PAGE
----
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Supreme Court, Appellate Division, Second Department, New York.

The PEOPLE, etc., Respondent, v. Nelson PEREZ, Appellant.

Decided: July 27, 1998

Before BRACKEN, J.P., COPERTINO, McGINITY and LUCIANO, JJ. M. Sue Wycoff, New York, N.Y. (Michael C. Taglieri of counsel), for appellant. Richard A. Brown, District Attorney, Kew Gardens, N.Y. (John M. Castellano, Johnnette Traill, and Traci R. Turner of counsel), for respondent.

Appeal by the defendant from a judgment of the Supreme Court, Queens County (Fisher, J.), rendered July 30, 1996, convicting him of criminal sale of a controlled substance in the third degree, upon a jury verdict, and imposing sentence.

ORDERED that the judgment is reversed, on the law, and a new trial is ordered.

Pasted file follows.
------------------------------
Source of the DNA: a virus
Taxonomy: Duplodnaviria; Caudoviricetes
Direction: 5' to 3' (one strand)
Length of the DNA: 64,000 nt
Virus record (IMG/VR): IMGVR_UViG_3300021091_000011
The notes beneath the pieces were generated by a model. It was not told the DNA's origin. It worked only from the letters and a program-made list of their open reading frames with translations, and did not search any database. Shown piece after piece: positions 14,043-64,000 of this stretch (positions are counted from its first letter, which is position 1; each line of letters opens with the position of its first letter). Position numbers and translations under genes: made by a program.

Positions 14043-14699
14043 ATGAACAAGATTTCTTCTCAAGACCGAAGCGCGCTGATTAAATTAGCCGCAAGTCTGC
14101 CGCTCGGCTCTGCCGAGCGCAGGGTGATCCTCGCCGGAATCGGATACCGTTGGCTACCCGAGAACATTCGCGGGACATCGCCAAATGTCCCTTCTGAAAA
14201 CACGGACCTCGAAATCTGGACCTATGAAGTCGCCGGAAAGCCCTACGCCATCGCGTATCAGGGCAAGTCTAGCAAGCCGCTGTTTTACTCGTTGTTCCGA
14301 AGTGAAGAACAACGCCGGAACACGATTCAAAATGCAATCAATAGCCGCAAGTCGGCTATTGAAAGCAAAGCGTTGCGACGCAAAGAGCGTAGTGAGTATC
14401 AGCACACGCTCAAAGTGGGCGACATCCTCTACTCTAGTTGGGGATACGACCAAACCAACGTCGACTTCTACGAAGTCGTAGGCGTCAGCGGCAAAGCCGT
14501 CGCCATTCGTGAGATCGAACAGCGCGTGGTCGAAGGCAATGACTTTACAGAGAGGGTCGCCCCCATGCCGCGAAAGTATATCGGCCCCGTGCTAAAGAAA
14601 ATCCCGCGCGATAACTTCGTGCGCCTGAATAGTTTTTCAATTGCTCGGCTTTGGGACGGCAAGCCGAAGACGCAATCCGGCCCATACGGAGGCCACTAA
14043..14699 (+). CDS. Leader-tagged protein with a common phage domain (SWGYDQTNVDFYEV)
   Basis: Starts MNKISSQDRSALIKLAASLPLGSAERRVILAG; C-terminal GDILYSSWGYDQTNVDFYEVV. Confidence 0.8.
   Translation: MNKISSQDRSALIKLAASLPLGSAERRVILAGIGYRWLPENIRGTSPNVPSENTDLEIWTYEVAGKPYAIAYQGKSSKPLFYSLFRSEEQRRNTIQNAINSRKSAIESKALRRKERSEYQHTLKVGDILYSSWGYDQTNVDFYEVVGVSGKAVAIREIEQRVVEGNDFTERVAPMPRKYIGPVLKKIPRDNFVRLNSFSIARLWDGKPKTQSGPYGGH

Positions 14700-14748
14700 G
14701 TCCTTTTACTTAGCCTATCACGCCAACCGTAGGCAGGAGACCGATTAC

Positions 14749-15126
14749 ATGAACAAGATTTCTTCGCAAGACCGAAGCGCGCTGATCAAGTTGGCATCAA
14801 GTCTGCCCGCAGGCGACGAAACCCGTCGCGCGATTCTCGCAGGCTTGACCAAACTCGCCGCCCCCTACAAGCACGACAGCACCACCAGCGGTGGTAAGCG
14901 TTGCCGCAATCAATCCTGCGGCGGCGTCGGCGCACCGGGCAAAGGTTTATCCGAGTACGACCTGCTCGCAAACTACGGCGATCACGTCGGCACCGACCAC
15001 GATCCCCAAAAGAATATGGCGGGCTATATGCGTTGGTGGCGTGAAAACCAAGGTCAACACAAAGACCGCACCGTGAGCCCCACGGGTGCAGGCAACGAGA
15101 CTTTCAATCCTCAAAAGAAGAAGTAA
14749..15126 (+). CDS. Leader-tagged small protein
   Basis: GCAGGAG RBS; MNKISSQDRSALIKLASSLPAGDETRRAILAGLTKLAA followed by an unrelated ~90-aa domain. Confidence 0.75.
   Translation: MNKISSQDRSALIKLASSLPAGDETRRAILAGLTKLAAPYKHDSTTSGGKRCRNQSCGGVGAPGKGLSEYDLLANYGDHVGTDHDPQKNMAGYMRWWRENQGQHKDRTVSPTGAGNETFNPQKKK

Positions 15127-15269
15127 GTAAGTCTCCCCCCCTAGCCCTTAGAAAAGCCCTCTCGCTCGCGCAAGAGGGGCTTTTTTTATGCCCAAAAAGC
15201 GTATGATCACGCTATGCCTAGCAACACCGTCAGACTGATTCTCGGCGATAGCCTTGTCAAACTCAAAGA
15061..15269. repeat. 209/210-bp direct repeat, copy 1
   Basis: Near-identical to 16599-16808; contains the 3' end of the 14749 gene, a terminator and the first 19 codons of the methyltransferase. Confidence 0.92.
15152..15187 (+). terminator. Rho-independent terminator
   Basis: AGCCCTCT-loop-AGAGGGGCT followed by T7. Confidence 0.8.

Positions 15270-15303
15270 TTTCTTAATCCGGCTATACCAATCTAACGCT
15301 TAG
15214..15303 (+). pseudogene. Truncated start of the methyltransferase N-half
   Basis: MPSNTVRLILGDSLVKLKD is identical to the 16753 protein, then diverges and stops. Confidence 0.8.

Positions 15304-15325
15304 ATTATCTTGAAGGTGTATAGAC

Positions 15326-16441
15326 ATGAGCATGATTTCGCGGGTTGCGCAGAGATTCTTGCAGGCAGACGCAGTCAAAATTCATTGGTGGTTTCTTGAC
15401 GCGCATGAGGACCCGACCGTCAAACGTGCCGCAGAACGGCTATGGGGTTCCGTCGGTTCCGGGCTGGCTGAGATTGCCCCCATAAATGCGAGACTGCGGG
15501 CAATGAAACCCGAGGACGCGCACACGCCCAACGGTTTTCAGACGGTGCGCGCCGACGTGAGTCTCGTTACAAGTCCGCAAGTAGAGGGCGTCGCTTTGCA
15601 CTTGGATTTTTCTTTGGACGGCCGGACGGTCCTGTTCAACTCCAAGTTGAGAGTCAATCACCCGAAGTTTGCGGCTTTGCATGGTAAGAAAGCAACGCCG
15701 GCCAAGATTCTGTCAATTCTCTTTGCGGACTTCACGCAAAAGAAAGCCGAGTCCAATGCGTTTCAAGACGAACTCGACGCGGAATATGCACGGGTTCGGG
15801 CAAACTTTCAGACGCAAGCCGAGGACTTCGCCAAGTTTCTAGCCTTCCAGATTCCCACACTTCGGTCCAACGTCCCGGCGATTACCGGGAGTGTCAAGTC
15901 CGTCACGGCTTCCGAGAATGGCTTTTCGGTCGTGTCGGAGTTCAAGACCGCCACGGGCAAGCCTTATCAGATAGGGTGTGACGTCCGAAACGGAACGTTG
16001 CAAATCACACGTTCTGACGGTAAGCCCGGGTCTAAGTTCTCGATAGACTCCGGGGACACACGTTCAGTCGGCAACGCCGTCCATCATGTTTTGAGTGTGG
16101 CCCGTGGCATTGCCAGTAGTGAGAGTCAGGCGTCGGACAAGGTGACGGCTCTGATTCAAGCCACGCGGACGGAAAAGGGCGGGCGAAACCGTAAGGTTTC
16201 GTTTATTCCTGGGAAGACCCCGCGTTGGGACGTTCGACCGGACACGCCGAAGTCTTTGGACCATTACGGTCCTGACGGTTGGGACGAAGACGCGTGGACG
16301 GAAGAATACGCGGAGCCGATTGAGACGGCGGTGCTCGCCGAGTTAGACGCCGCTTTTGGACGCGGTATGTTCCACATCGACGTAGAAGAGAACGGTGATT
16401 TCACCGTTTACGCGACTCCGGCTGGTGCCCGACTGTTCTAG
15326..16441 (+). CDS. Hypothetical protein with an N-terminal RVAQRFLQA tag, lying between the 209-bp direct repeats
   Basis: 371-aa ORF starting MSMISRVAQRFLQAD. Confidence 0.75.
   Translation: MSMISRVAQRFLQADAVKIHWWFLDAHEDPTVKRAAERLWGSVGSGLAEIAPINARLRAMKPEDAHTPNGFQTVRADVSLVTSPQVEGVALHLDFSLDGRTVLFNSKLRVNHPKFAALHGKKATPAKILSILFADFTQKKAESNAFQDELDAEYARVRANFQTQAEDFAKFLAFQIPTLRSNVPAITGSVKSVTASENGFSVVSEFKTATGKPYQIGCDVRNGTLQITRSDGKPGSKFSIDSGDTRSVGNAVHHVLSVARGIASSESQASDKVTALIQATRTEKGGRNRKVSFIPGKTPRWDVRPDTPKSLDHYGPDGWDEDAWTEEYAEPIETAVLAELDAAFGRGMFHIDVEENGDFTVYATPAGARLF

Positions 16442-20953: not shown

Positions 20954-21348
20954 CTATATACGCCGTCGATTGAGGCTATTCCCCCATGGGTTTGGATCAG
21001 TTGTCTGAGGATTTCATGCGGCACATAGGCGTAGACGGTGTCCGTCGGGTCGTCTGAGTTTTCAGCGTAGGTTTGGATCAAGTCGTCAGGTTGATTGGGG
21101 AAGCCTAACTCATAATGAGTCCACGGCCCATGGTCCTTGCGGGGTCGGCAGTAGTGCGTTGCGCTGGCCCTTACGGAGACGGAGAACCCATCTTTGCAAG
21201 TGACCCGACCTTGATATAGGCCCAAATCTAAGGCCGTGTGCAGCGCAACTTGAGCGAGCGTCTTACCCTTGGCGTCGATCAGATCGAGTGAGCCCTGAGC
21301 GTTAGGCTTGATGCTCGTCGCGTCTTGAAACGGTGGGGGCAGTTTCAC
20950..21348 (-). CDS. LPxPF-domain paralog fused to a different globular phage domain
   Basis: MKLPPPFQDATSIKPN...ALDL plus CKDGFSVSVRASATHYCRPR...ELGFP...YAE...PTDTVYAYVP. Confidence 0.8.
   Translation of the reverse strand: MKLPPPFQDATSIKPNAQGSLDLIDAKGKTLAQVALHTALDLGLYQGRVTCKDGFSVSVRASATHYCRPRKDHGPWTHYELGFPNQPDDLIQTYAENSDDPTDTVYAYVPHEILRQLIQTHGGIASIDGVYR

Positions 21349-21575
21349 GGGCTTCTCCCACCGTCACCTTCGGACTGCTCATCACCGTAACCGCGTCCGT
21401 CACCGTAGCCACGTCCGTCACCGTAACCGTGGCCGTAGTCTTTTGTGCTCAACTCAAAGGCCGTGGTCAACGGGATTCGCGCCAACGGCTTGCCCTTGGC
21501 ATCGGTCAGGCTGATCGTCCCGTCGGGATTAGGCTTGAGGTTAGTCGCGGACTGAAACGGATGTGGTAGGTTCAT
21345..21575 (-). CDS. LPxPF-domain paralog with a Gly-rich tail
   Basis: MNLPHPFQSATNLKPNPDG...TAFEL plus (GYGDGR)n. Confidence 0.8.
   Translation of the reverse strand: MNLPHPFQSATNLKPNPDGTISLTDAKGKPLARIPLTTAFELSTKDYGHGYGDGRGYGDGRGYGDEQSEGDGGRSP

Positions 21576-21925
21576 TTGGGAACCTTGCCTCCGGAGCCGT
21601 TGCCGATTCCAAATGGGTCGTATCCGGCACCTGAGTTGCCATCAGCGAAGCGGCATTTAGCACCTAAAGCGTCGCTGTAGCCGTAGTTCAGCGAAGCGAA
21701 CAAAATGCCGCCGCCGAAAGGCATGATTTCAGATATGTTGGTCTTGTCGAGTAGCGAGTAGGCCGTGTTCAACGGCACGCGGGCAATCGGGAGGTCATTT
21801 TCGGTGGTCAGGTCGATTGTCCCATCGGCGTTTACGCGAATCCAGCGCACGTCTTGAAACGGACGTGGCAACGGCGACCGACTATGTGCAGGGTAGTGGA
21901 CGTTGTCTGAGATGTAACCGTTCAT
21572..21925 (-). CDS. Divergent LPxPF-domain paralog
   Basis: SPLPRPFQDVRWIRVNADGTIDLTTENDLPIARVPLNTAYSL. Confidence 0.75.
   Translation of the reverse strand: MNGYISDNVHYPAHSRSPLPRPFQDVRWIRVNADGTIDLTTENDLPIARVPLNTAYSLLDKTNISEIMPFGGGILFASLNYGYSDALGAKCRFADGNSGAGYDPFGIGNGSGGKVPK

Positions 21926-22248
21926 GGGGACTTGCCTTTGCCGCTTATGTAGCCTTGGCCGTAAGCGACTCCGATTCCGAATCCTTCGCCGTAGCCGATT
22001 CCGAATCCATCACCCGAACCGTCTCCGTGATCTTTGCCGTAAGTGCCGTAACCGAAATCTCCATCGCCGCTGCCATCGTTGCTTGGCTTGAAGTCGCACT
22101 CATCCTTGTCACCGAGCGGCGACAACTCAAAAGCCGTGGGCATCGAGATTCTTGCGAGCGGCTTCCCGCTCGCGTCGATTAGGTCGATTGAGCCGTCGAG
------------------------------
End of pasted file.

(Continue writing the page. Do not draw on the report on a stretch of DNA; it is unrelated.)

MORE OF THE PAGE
The defendant contends that he was denied his right to a public trial (see, U.S. Const., 6th Amend.;   Civil Rights Law § 12;  Judiciary Law § 4;  People v. Jones, 47 N.Y.2d 409, 418 N.Y.S.2d 359, 391 N.E.2d 1335, cert. denied 444 U.S. 946, 100 S.Ct. 307, 62 L.Ed.2d 315) because the Supreme Court excluded his sister from the courtroom during the testimony of an undercover officer.   We agree.   During the Hinton hearing (see, People v. Hinton, 31 N.Y.2d 71, 334 N.Y.S.2d 885, 286 N.E.2d 265, cert. denied 410 U.S. 911, 93 S.Ct. 970, 35 L.Ed.2d 273), the defendant objected to the exclusion of his sister.   When a defendant seeks to limit closure of the courtroom to permit the attendance of certain individuals, the People must present evidence that those individuals threaten the safety of the witness (see, People v. Nieves, 90 N.Y.2d 426, 660 N.Y.S.2d 858, 683 N.E.2d 764;  People v. Gutierez, 86 N.Y.2d 817, 633 N.Y.S.2d 470, 657 N.E.2d 491;  People v. Kin Kan, 78 N.Y.2d 54, 571 N.Y.S.2d 436, 574 N.E.2d 1042;  People v. Scott, 237 A.D.2d 544, 656 N.Y.S.2d 908;  People v. Gayle, 237 A.D.2d 532, 655 N.Y.S.2d 581;  People v. Johnson, 222 A.D.2d 456, 635 N.Y.S.2d 49).   Although the undercover officer would be immediately returning to the area in which the defendant was arrested and in which the defendant's sister resided, nothing in the record demonstrates, and the Supreme Court did not find, that the defendant's sister posed a threat to the officer.   Therefore, the defendant is entitled to a new trial.


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